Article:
Attorney general regrets meeting with Bill Clinton

Attorney general regrets meeting with Bill Clinton

US attorney general Loretta Lynch has acknowledged that her meeting with Bill Clinton while his wife is under federal investigation "cast a shadow" on the public's perception of a case playing heavily into the presidential campaign.

"I certainly wouldn't do it again," Lynch said of the meeting, which created immediate bipartisan angst and underscored the political consequences of the FBI-led probe into the former secretary of state's email.

Lynch hastened to add that she would follow the recommendations of career prosecutors on whether to file criminal charges in the case, removing herself from that decision.

Her statements were aimed at tamping down concerns that the investigation could be politically tainted or that Lynch, an Obama administration appointee, might overrule the findings of agents and prosecutors who have spent months looking into the possible mishandling of classified information on the private email server Clinton used as secretary of state.

Lynch said she understood that her private meeting with Clinton aboard her plane in Phoenix, Arizona, might be seen as compromising the neutrality of the investigation, even though she said the probe of Hillary Clinton was not discussed.

Asked what she was thinking in permitting the meeting to occur, she said: "I completely get that question, and I think it is the question of the day."

The outcome of the investigation is bound to influence the presidential campaign, whether to Clinton's benefit if she emerges unscathed or Republican rival Donald Trump in the event that she or anyone close to her winds up prosecuted.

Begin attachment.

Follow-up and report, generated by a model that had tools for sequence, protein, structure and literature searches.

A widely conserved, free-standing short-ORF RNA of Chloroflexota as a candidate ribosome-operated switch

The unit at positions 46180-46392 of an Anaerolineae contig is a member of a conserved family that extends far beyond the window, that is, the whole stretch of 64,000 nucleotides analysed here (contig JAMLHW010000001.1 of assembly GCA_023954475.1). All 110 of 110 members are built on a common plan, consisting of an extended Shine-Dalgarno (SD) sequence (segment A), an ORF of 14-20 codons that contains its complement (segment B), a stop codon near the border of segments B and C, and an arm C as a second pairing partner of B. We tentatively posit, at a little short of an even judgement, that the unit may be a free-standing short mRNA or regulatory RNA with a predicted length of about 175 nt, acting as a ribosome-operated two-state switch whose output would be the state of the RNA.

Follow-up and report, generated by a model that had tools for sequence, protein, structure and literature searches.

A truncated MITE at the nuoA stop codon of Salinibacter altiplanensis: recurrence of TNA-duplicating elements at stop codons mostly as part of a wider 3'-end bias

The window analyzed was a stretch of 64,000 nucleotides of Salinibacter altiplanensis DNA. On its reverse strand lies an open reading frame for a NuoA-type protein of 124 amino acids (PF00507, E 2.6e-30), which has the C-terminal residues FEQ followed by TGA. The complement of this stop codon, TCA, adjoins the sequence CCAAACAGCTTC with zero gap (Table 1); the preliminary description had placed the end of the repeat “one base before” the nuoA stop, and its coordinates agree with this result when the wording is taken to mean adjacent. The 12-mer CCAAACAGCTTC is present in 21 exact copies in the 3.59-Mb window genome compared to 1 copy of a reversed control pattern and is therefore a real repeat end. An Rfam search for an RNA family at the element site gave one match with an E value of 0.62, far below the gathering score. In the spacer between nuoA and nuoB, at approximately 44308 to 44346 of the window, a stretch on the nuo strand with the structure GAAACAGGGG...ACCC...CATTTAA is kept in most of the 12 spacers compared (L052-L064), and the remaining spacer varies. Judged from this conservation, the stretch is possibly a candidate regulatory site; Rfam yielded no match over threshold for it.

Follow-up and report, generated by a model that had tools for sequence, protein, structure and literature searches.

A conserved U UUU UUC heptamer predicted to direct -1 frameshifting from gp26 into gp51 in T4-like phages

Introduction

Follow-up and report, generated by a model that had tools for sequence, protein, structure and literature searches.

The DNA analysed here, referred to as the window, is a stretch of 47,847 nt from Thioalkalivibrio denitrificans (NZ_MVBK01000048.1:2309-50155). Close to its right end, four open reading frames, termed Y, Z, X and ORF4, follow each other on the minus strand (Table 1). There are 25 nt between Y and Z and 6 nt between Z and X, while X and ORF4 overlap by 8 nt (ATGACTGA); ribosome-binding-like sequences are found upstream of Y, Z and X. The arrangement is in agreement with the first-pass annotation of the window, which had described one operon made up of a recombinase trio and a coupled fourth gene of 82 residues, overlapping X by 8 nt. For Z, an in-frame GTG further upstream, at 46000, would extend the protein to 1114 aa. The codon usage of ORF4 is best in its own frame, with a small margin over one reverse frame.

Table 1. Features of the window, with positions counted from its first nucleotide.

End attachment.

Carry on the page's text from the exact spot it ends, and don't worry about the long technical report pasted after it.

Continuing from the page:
Bill Clinton's talk with the attorney general also could reinforce suspicions that the Clintons play by different rules than anyone else and aggravate questions of trust that already hang over Hillary Clinton in the minds of some voters.

Trump tweeted that "Bill's meeting was probably initiated and demanded by Hillary," without offering evidence of that. "Does anybody really believe that meeting was just a coincidence?" he asked. The Clinton campaign declined to comment on Lynch's remarks.

Lynch said at a conference in Colorado that she had decided even before the meeting with Bill Clinton to heed the recommendations of a team of federal agents and career prosecutors who have been working on the case.

But she acknowledged that the talk with Clinton had become a "painful" episode that reinforced the need for her to cede ultimate decision-making authority to others.

The encounter was especially sensitive given the repeated efforts by Lynch and FBI director James Comey to stress that their investigation is being done independently and without regard for politics.

"This case will be resolved by the team that's been working on it from the beginning," she said, vowing to accept the findings and recommendations of a team of federal agents and career prosecutors.

Bill Clinton, like his wife's campaign, declined through spokesmen to comment on Lynch's remarks.

Lynch told reporters earlier this week that the meeting was unplanned and happened while the former president was waiting to depart on another plane. She said he walked over and boarded the attorney general's plane after she landed there.

She said Clinton talked about his grandchildren and told her he had been playing golf in Arizona. She said they discussed former attorney general Janet Reno, whom they both know.

"We basically said hello, and I congratulated him on his grandchildren as people tend to do," she said Friday.

"It really was a social meeting," she added. "He spoke to me, he spoke to my husband."

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